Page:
Closed form is a rarely used term that refers to structures in poetry. If an author writes a poem that conforms to a pre-specified structure, then they are writing in closed form. It is contrasted to open form, or free verse, in which the poet is not restrained by any predetermined set of rules.
Explore Closed Form in Poetry
Closed Form Definition
A closed form poem conforms to a poetic structure. This means that when writing a piece of verse, the poet has a specific rhyme scheme, metrical pattern, or stanza pattern in mind before they start. There are certain rules that the poet has to follow. This kind of poem can be explored below.
Examples of Closed Form Poetry
Winter-Lull by D.H. Lawrence
This less commonly read Lawrence poem depicts a plague of silence on a group of soldiers during World War I. The poem is four stanzas as long, and each of these stanzas maintains a structure of five lines, making them quintains. The poet also uses a consistent rhyme scheme of ABABA throughout. Here is an example:
Because of the silent snow, we are all hushed
No sound of guns, nor overhead no rushed
Vibration to draw
Our attention out of the void wherein we are crushed.
The words “hushed,” “rushed,” and “crushed” rhyme in this closed form poem, as do “awe” and “draw.”
Read more D.H. Lawrence poems.
Sonnet 29 by Edna St. Vincent Millay
Edna St. Vincent Millay’s ‘Sonnet 29’ is also known as ‘Pity Me Not Because the Light of Day’ after its first line. The speaker spends the lines asking her lover to stop pitying her. The poet maintained a melancholy tone throughout. Take a look at these lines from the beginning of the poem:
Pity me not because the light of day
At close of day no longer walks the sky;
Pity me not for beauties passed away
From field and thicket as the year goes by;
The poem is written in closed form. Specifically, it conforms to the pattern of a Shakespearean sonnet. This means that the poem rhymes ABABCDCDEFEFGG. The first four lines represent the “ABAB” in the pattern.
Discover more Edna St. Vincent Milly poems.
The Raven by Edgar Allan Poe
This famous closed form poem is also one of the poet’s best-known and most commonly studied. It details a harrowing night in the speaker’s life that includes incessant knocking and a talking raven that only says one word–“Nevermore.”
Throughout, Poe used six-line stanzas, known as the sestets. In total, there are eighteen. The poet also used a consistent rhyme scheme following the pattern of ABCBBB and the metrical pattern trochaic octameter. Here is the first stanza as an example:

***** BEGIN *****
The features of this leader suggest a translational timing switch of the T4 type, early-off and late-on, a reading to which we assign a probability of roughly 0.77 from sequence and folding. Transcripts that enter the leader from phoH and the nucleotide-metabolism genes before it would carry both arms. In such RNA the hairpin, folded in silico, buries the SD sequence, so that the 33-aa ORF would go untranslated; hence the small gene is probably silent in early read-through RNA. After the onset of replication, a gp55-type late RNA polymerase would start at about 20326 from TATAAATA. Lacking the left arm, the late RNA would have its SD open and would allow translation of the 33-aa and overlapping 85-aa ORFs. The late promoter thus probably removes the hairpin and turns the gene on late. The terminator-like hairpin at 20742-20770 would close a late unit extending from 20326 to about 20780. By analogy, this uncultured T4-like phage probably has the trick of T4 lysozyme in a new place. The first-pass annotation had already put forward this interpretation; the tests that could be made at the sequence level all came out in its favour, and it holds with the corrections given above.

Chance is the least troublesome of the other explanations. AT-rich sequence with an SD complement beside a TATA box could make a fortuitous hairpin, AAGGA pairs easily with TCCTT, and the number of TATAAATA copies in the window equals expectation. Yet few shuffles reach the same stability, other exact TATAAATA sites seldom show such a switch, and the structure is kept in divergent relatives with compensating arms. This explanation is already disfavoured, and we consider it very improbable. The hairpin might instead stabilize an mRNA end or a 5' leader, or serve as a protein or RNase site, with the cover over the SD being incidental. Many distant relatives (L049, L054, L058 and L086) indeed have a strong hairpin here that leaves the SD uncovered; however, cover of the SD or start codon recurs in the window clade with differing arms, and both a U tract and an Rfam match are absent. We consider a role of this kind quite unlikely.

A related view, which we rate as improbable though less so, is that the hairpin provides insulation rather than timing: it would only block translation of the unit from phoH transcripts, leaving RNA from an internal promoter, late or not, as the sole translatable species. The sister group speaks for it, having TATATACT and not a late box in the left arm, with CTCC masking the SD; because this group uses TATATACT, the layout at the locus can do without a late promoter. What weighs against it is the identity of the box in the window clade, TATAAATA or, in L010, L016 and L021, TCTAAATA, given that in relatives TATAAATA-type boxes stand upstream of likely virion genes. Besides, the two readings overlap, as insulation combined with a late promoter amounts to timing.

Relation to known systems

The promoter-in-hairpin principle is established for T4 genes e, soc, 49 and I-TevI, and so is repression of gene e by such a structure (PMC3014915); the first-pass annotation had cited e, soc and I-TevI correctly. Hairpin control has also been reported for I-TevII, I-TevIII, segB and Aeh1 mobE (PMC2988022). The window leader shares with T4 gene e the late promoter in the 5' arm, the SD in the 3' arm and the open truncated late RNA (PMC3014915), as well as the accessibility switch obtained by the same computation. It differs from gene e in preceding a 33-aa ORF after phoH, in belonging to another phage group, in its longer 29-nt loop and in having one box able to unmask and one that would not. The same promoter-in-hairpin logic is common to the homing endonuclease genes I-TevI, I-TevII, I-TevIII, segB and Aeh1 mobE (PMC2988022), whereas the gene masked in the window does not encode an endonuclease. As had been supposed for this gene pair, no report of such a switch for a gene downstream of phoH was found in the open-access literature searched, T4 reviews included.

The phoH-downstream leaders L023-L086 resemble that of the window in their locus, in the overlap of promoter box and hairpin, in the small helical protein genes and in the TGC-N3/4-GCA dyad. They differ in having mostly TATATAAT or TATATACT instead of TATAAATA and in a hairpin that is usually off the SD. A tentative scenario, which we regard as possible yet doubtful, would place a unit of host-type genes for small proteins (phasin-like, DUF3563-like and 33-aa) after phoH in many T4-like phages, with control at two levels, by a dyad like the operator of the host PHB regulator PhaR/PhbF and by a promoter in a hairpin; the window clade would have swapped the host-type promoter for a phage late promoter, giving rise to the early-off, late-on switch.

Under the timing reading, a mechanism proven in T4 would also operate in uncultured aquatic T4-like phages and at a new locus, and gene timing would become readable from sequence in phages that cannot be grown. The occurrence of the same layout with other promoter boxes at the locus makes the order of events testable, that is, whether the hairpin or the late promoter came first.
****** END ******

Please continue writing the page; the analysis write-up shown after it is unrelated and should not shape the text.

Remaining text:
Once upon a midnight dreary, while I pondered, weak and weary,
Over many a quaint and curious volume of forgotten lore—
While I nodded, nearly napping, suddenly there came a tapping,
As of some one gently rapping, rapping at my chamber door.
“’Tis some visitor,” I muttered, “tapping at my chamber door—
Only this and nothing more.”
Explore more Edgar Allan Poe poems.
Closed Form vs. Open Form
As noted above, closed form poems are written with a specific structure in mind. This could be a study rhyme scheme of ABABA or a meter maintained as fluidly as possible throughout the piece, like iambic pentameter.
An open form poem, which is the opposite of a closed form poem, is written in free verse. This means that the author does not have a predetermined structure in mind when they start writing. In fact, an open forum poem lacks a specified structure altogether. For example, some lines might only contain two or three words, while others stretch to ten or more. The poet might choose to use a few examples of rhyme but will not fully structure their poem with a pattern.
A closed form poem has to follow a specific structure. What that specific structure is will vary, and it’s up to the poet. They might choose to structure their poem with a steady rhyme scheme, metrical pattern, or more. Additionally, they might conform to a predetermined pattern, such as that seen in a sonnet, villanelle, limerick, and more.
Edgar Allen Poe’s ‘The Raven’ is a famous example of a highly structured closed form poem. The poet uses an unusual metrical pattern of trochaic hexameter throughout his eighteen sestets. He also uses the rhyme scheme of ABCBBB.
An example of a form in a poem is a sonnet. The sonnet form is one of the most popular and well-known forms a poet might conform their verse to. Sonnets are composed of fourteen lines, usually written in iambic pentameter, and use a few specified rhyme schemes. For example, ABBAABBACDECDE.
An example of an open form poem is Sylvia Plath’s ‘Daddy.’ It does not follow a specific rhyme scheme or metrical pattern. But, examples of assonance and consonance can be found throughout.
Related Literary Terms
- Blank Verse: a kind of poetry that is written in unrhymed lines but with a regular metrical pattern.
- Cadence: the natural rhythm of a piece of text, created through a writer’s selective arrangement of words, rhymes, and the creation of meter.
- Haiku: a three-line Japanese poem that follows a syllable pattern of 5-7-5.
- Limerick: a humorous poem that follows a fixed structure of five lines and a rhyme scheme of AABBA.
- Verse Form: used to describe any structure a poet uses within their work. There are many established verse forms such as the sonnet, haiku, ballad, sestina, and villanelle.
- Dimeter: refers to a specific arrangement of syllables in poetry. If a poem is written in dimeter, that means that the lines contain four syllables each.
- Broken Rhyme: an interesting type of rhyme that occurs when a poet cuts a word in half to create rhyme.
- Watch: Rhyming and Poetry
- Read: Every You Need to Know about Rhyme Schemes in Poetry
- Watch: The Pleasure of Poetic Pattern